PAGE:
The last two days of pretrial hearings for Bradley Manning have seen a couple of interesting developments: First, Judge Army Col. Denise Lind waded i...
Manning's case hasn't received significant coverage, including the New York Times. That's even as the most serious charge leveled, of indirectly "aiding the enemy," carries implications for the news media.
After we exchanged a few correspondences, an individual designating himself as a high-level Anonymous member consented to a rare email interview. The conversation touches on the impact the group has had on the Steubenville investigation and the victim's take on LocalLeaks.
Recently, I sat down with George Washington Law School professor and constitutional scholar Jonathan Turley and my close friend Kevin McCabe to discuss WikiLeaks' impact on transparency, the government's response, and the comparison to the Pentagon Papers whistleblower Daniel Ellsberg.
When a government becomes invisible, it becomes unaccountable. To expose its lies, errors, and illegal acts is not treason, it is a moral responsibility. Leaks become the lifeblood of the Republic.
In the absence of any concrete statements from Manning, it's impossible to know for certain how he prefers to be known, but if his use of a female name was indeed one of the reasons why Manning was placed on a highly restrictive status, that's a very troubling justification.
Being accused of revealing the "Emperor's New Clothes" is likely to land one in hot water, but Bradley Manning's treatment has crossed all bounds of fairness, decency, and legality.
Bradley Manning's long denial of a right to speak in public reminded me of "The Ones Who Walk Away From Omelas." It's a fictional tale about villagers who enjoy total happiness and bliss as long as they keep quiet about a boy who's locked up in a dark, underground cellar.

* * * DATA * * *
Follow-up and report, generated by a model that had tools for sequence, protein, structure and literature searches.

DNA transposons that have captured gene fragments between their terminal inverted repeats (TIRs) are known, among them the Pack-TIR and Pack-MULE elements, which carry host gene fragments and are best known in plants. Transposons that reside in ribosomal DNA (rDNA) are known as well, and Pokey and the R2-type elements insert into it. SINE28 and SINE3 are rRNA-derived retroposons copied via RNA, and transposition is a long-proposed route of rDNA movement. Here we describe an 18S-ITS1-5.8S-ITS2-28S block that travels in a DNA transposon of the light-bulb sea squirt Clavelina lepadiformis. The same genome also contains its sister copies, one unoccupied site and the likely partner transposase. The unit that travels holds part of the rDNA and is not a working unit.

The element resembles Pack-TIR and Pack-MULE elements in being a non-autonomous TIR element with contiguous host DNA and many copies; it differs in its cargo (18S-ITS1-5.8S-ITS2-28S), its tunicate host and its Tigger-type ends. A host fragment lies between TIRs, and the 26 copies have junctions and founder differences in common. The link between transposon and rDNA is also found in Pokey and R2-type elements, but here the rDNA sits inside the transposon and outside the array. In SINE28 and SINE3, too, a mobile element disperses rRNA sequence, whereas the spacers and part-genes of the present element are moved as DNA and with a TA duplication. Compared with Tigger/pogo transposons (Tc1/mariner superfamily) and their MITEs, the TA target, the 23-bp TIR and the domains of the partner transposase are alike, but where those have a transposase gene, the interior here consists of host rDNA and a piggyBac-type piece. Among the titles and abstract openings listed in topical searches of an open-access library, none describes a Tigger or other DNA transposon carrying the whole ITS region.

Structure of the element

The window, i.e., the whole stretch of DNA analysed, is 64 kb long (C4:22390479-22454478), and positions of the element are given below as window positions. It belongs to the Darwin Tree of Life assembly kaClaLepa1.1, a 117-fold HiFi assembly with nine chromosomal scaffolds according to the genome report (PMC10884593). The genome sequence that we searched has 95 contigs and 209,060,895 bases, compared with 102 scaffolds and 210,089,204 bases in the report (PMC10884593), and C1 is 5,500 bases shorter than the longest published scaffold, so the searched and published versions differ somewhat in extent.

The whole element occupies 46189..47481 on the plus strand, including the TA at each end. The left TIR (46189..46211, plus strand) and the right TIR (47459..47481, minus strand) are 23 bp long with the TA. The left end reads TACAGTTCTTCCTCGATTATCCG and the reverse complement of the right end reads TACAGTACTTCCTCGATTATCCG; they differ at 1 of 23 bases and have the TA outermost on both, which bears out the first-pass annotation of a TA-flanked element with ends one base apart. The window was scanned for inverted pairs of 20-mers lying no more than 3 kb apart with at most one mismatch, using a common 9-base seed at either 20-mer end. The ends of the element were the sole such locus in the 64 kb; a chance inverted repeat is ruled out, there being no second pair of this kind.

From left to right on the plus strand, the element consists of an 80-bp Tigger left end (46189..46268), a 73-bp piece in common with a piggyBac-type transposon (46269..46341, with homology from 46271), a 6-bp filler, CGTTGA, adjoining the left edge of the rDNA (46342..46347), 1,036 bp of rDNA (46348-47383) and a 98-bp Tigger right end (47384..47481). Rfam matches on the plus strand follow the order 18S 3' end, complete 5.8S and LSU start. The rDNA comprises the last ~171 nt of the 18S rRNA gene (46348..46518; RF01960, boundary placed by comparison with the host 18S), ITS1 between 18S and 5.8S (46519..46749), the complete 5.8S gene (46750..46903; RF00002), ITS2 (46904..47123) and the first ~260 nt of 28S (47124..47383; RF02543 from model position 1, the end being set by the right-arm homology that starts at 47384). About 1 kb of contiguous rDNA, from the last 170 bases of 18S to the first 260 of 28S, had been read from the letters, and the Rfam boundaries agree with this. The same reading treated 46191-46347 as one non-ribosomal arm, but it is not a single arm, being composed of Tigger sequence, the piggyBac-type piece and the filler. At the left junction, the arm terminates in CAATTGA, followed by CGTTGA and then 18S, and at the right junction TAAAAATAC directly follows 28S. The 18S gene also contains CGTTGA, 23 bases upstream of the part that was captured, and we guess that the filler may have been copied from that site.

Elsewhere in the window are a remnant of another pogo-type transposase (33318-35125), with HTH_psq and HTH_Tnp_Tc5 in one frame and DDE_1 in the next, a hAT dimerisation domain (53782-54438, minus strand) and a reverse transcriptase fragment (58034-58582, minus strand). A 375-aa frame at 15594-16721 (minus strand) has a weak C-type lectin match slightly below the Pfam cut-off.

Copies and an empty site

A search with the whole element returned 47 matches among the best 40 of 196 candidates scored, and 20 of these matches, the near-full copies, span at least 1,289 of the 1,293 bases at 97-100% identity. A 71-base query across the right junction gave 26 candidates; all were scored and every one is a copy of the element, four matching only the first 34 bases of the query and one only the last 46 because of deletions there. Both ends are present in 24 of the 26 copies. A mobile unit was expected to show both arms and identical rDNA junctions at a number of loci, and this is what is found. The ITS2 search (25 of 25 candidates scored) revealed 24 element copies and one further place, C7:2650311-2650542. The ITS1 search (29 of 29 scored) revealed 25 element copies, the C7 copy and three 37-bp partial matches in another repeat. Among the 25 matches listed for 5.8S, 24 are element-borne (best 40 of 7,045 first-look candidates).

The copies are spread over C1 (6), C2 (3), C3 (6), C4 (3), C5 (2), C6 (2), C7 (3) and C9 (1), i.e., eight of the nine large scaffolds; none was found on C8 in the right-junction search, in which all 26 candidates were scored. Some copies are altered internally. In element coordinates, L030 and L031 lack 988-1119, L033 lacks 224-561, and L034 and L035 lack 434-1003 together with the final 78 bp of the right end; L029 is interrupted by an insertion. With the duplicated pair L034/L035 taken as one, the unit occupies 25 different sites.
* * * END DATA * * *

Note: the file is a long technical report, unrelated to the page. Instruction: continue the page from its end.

In his most extended interview in months, Julian Assange speaks to Democracy Now! about the Bradley Manning pretrial hearing from inside the Ecuadorean embassy in London, where he has been holed up for nearly six months.
The information WikiLeaks has disclosed frustrates the controlled political discourse that is trumpeted by establishment media and Western governments to shape public perception. We will continue our fight against the financial blockade, and we will continue to publish.
The Secretary of Defense sternly warned Defense Department employees Thursday that the government will scour news reports for leaks of classified information, try to unmask the leakers, and refer cases to the Justice Department -- which has the power to prosecute.
The Xerox technology in 1969 has been replaced by a global computer network that uses encryption to protect the identity of the whistleblowers. Even Wikileaks does not know their identities. But the media's response is simply surreal.
As the Internet becomes a more lucrative ground for corporate interests, the likelihood of censorship of inflammatory content increases. Which is why some techies are trying to scrap the Internet we have and build a new one.
For anyone displaying a moral compass, Belarus should be a very simple open and shut case. Yet, because Lukashenko has opposed Washington, the international left chooses to ignore what is happening there.
The people of Sweden should not allow their government to continue to disgrace itself in another international governmental crime - this one a pernicious attack on freedom of expression - simply because Washington wants them to do so.
The only appropriate government response to mass shootings seems to be thoughts and prayers, combined with more prayers and thoughts. And the government's official response to bankers kicking families out of their homes so they could buy a newer Bentley was to not press any charges.